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Weekly News Digest

January 12, 2021 — In addition to this week's NewsBreaks article and the monthly NewsLink Spotlight, Information Today, Inc. (ITI) offers Weekly News Digests that feature recent product news and company announcements. Watch for additional coverage to appear in the next print issue of Information Today. For other up-to-the-minute news, check out ITIís Twitter account: @ITINewsBreaks.

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'The Changing Logics of Scientific Publishing' by Koen Frenken

Koen Frenken, full professor in innovation studies, writes the following for Leiden Madtrics, the official blog of the Centre for Science and Technology Studies (CWTS) at Leiden University:

With the advent of online publishing in the 2000s, the cost structure of scientific publishing changed drastically. Now, printing and distribution costs have become very low. This has not only lowered the entry cost of new publishers, but it also lifted the natural restriction on the number of papers per issue which provided a strong rationale for gate-keeping by legacy journals. At the same time, several repositories became available on the Internet with published papers and pre-prints, making these accessible to readers without subscription. Partly due to this, the subscription model is now slowly substituted by the open access model, often with author processing charges.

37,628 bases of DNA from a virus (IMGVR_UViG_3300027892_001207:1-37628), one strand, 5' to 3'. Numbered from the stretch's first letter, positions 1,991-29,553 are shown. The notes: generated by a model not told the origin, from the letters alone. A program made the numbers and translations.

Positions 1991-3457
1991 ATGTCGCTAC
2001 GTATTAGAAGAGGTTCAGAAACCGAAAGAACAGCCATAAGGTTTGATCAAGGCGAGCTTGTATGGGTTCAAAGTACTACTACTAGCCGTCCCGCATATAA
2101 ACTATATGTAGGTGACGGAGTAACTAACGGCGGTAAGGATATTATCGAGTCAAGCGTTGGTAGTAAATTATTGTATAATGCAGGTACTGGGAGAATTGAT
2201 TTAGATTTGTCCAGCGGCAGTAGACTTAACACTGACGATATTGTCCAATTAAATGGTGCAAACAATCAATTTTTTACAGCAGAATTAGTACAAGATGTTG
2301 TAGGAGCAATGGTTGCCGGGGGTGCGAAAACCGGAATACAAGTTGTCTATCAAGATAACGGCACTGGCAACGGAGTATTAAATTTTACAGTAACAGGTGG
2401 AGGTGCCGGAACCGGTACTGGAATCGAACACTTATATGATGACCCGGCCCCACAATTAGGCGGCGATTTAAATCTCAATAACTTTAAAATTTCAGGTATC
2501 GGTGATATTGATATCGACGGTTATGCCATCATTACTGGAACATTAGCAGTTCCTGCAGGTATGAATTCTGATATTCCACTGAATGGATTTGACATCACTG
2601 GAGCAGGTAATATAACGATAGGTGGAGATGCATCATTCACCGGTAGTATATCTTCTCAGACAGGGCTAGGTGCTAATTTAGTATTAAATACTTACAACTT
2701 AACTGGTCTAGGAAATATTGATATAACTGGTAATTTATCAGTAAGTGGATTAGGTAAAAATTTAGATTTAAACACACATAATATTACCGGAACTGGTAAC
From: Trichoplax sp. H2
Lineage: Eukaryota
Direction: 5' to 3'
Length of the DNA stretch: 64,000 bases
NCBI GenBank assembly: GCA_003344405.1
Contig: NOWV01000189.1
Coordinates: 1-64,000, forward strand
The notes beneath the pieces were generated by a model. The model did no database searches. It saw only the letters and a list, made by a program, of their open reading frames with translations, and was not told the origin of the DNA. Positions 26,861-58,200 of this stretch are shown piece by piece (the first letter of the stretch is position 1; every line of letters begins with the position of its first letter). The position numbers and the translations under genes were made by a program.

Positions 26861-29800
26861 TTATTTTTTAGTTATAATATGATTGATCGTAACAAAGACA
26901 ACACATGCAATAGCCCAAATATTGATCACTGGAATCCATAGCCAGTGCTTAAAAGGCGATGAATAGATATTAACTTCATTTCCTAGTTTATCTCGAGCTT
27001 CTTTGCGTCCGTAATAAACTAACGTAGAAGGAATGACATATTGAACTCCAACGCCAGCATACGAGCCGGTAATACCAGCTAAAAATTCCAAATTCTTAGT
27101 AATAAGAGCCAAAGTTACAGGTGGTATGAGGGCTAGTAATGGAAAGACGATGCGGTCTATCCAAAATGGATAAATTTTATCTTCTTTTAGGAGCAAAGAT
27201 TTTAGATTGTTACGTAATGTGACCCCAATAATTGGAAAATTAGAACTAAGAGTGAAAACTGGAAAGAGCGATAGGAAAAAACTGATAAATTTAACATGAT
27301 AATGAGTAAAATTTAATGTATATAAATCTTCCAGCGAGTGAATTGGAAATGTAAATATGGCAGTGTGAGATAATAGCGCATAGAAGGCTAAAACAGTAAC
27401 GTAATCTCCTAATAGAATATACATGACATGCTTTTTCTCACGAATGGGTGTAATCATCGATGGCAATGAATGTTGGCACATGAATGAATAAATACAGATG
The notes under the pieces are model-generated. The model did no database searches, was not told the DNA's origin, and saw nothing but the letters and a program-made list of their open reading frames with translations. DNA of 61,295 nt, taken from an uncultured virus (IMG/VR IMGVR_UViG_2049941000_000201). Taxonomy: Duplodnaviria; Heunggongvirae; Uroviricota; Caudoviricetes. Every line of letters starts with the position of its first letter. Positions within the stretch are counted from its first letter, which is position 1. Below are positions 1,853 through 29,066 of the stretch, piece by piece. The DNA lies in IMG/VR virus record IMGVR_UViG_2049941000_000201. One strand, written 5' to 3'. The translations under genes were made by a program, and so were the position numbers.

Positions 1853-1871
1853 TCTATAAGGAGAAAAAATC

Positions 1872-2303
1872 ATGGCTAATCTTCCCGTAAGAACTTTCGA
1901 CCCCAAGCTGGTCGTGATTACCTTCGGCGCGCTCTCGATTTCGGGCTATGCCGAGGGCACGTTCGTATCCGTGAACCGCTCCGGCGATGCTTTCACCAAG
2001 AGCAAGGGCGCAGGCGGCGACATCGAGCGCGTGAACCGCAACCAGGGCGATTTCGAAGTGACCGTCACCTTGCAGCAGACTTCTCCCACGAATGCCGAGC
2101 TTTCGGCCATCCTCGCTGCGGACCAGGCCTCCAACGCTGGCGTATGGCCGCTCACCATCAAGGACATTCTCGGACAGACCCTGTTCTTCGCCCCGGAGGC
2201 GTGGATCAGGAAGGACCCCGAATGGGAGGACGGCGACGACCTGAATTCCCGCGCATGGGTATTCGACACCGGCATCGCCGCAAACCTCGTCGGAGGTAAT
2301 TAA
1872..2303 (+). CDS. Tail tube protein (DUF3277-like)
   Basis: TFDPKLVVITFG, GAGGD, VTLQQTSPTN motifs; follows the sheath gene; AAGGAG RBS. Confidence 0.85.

In this turbulent context, many new journals have been introduced, both by incumbent publishers and new entrants. Some of these journals are considered predatory by one part of the academic community, pointing to high volumes of papers, low review standards and misleading soliciting. Indeed, as revenues of such journals rely solely on article processing charges, they may be tempted to follow a market logic of quantity over the professional logic of quality. Another part welcomes the many new open-access journals as it provides more opportunities for scholars in less-favored, peripheral positions as well as for new topics that are less readily accepted in other journals. What is more, the fast turn-around of papers helps the quick diffusion of results and insights, while their relatively low article processing charges promote inclusiveness.

In this light, labeling particular journals as predatory assumes a binary world of ‘good’ and ‘bad’. An alternative view is to acknowledge that there is a large ‘grey area’ of journals whose practices can be questioned, if only because most journals show little transparency about peer reviews, editorial policies and accept/reject decisions anyway.

For more information, read the article.



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